“Every year, I get about six to eight plants from him,” Ansari said. “I have young kids and they get to see them grow so when it’s time to harvest they ask questions and want to be the ones to pick the tomatoes off.”
For Monica Dim, a beginner gardener, this is the second year she is purchasing from Zeni. She and her mother, Colette Dim, contribute to the St. Giles Episcopal Church community garden in Northbrook.
Colette Dim said she has been involved with the community garden for 14 growing seasons. There are 30 10-by-10 gardening plots.
“Anyone who gardens with us donates to the Northfield pantry and some of the pantries in Evanston,” Colette said. “I said to Monica, ‘Let’s get our tomatoes together,’ so we decided to go headlong and get a dozen tomato plants each for last year.”
Though this is Monica’s second year purchasing tomatoes, it is her first year getting the full gardening experience.
“I was nine months pregnant when I first bought my tomato plants from him so I had a good amount of questions and wasn’t able to do a lot of the planting myself,” she said. “When you are able to grow and share your own tomatoes, it’s very exciting and he made that possible for me.”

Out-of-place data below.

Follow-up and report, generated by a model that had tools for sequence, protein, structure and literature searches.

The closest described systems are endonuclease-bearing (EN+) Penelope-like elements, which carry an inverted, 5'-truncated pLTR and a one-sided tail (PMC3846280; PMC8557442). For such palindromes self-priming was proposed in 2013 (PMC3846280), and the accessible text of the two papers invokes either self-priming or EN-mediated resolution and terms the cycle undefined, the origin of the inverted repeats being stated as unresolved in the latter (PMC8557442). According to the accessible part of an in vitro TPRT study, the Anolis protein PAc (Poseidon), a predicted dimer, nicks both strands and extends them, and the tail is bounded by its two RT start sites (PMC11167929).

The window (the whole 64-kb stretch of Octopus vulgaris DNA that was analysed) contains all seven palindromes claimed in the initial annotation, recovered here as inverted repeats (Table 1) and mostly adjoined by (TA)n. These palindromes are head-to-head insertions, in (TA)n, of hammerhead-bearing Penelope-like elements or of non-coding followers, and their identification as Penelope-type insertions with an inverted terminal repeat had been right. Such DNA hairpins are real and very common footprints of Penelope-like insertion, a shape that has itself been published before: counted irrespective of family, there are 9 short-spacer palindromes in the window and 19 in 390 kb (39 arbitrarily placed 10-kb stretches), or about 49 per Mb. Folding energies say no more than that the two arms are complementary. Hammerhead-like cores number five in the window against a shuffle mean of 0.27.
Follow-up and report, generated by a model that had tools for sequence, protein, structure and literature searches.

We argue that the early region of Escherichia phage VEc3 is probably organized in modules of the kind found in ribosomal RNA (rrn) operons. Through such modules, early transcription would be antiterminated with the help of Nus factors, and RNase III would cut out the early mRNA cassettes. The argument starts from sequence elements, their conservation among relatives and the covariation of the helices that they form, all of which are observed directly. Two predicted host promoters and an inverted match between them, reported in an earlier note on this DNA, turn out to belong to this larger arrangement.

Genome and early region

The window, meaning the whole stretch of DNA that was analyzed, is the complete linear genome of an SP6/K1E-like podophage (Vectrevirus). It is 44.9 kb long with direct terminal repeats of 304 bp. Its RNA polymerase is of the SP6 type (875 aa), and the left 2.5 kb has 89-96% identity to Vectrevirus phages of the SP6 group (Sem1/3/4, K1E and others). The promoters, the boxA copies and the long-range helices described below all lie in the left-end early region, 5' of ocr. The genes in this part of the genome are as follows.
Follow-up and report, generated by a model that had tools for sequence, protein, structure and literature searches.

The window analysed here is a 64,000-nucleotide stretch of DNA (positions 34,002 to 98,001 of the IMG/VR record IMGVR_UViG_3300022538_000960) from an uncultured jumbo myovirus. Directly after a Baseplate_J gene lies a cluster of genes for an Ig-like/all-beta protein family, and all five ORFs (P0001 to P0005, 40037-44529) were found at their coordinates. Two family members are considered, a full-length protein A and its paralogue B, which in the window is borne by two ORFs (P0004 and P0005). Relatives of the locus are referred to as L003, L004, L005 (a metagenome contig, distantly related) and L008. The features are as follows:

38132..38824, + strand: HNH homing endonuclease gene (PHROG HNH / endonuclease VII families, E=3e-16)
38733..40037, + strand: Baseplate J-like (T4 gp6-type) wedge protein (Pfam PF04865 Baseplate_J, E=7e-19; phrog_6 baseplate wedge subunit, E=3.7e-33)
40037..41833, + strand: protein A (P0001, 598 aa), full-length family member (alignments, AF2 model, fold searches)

But some of his newer customers are confused or disappointed when they first see their tomato plant. For Zeni, it’s an opportunity for a teachable moment.
“I get complaints from initial buyers because I give them this plant and it’s really tall and it’s kinda skinny and it’s kinda bushy and they say, ‘Well, there’s something wrong with this plant,” Zeni said. “I tell them no, just bury the bottom third and it will blossom, don’t worry about it.”